In your 30s and 40s, you will begin to think like a political scientist. You’ll have a lower estimation of your own power and a greater estimation of the power of the institutions you happen to be in.

You’ll still have faith in your own skills, but it will be more the skills of navigation, not creation. You’ll adapt to the rules and peculiarities of your environment. You’ll keep up with what the essayist Joseph Epstein calls “the current snobberies.” You’ll understand that the crucial question isn’t what you want, but what the market wants. For a brief period, you won’t mind breakfast meetings.

Then in your 50s and 60s, you will become a sociologist, understanding that relationships are more powerful than individuals. The higher up a person gets, the more time that person devotes to scheduling and personnel. As a manager, you will find yourself in the coaching phase of life, enjoying the dreams of your underlings. Ambition, like promiscuity, is most pleasant when experienced vicariously.

You’ll find yourself thinking back to your own mentors, newly aware of how much they shaped your path. Even though the emotions of middle-aged people are kind of ridiculous, you’ll get sentimental about the relationships you benefited from and the ones you are building. Steve Jobs said his greatest accomplishment was building a company, not a product.

Then in your 70s and 80s, you’ll be like an ancient historian. Your mind will bob over the decades and then back over the centuries, and you’ll realize how deeply you were formed by the ancient traditions of your people — being Mormon or Jewish or black or Hispanic. You’ll appreciate how much power the dead have over the living, since this will one day be your only power. You’ll be struck by the astonishing importance of luck — the fact that you took this bus and not another, met this person and not another.

In short, as maturity develops and the perspectives widen, the smaller the power of the individual appears, and the greater the power of those forces flowing through the individual.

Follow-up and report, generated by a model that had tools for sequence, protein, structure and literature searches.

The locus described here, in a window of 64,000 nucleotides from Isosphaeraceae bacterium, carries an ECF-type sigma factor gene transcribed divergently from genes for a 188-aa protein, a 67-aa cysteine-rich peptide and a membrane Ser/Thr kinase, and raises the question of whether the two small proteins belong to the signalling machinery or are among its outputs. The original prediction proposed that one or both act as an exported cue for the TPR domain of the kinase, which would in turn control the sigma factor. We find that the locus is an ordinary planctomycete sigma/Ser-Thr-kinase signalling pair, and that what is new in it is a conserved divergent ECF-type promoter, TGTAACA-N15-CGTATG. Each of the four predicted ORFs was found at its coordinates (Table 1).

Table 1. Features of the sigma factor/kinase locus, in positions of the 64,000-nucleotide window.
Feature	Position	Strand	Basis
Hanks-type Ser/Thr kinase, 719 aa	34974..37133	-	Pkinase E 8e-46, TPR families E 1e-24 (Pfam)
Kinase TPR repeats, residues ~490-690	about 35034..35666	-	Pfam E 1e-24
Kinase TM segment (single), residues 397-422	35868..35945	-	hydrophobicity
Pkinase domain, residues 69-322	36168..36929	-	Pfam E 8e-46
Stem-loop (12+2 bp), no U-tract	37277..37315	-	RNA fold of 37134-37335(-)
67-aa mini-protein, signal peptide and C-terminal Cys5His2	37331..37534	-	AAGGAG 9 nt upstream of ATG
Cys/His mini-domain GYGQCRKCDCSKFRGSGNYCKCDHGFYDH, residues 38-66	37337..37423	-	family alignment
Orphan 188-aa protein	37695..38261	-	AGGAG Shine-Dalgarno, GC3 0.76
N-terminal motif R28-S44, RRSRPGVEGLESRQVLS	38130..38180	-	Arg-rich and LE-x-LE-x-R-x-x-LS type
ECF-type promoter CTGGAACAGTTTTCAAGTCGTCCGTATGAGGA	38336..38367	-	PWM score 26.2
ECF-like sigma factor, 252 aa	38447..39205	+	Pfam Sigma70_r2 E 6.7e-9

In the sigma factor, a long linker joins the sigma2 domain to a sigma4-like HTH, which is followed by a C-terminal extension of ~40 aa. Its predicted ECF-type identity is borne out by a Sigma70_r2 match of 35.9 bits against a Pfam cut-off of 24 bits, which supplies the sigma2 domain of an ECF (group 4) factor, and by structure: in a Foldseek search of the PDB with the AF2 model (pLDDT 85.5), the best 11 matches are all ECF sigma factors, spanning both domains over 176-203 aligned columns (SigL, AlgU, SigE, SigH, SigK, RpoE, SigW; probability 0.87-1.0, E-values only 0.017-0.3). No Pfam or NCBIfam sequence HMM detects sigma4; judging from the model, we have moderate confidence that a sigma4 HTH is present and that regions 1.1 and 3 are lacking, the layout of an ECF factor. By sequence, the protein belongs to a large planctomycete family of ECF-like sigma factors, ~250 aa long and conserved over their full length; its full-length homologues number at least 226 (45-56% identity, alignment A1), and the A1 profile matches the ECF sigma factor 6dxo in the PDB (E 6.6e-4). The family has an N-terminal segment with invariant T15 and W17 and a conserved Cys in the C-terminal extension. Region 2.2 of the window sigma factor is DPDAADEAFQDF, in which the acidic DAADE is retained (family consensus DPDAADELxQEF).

But you, Mr. Confused in Columbus, are right to preserve your pride in your accomplishments. Great companies, charities and nations were built by groups of individuals who each vastly overestimated their own autonomy. As an ambitious executive, it’s important that you believe that you will deserve credit for everything you achieve. As a human being, it’s important for you to know that’s nonsense."

Kenneth Woods, conductor:
"Let me come back to the metaphor of an Olympic competition. To compare winning an audition for a section violin to winning the 100 meters is apt in all the wrong ways. Looking for the violinist who can sprint up and down the fiddle faster than anyone else may be an interesting exercise, but what you want in an orchestra is someone
• Who can win gold for sprinting up and down the fiddle at exactly the same speed as the other 15 players in the section, in the same part of the bow, at the same dynamic.
• Who can hear and match what their colleagues are doing.
• Who can balance their contribution to the volume of their section with the dynamic levels of the other sections of the orchestra.
• Who can anticipate what their colleagues are going to do.
• Who can sight read new works with energy and insight.
• Who can follow a conductor.
• Who can follow a soloist.
• Who can inspire the people around them. "

Marylou Speaker Churchill, BSO violinist:
"Is playing orchestra a joy or a job? It's wise to make it a joyful job, but remember that no job really employs you completely. Working for money is never the real reason for doing any job. You must love what you do, and then you will find happiness and joy in your work. In actuality you are always being employed to express all the best qualities you are capable of, such as intelligence, wisdom, beauty, balance, grace, sensitivity, awareness, love...If you are miserable, it's your own fault. Make excellence, beauty, and truth your goals, and you will rise to that level."

Janos Starker, cello soloist:
"On every night, if you are a professional, you must be able to give at least 85 percent, no matter how you feel."

D.K.:
"Breathe and blow!!"

Morris Secon, Rochester Philharmonic Orchestra Principal Horn, 1962-1980:
"Never make an unbeautiful sound."

Fred Fox, LA studio horn player:
"Eternal vigilance!"

D.K.:
"Having a problem-ANY problem-playing? Breathe and support better."

Unknown soldier:
"Difficult is good."

Heather Headley, pop singer:
"If you don't reach that last person in the last row, you haven't done your job."

Gregg Hanson, Director of Bands at the University of Arizona Fred Fox School of Music
"Having bad intonation is like having bad body odor. The reason you have it is because you dodn't know you have it. If you knew you had it, you'd fix it."

Leonard Bernstein
"There is no serious music or unserious music, just good music and bad music."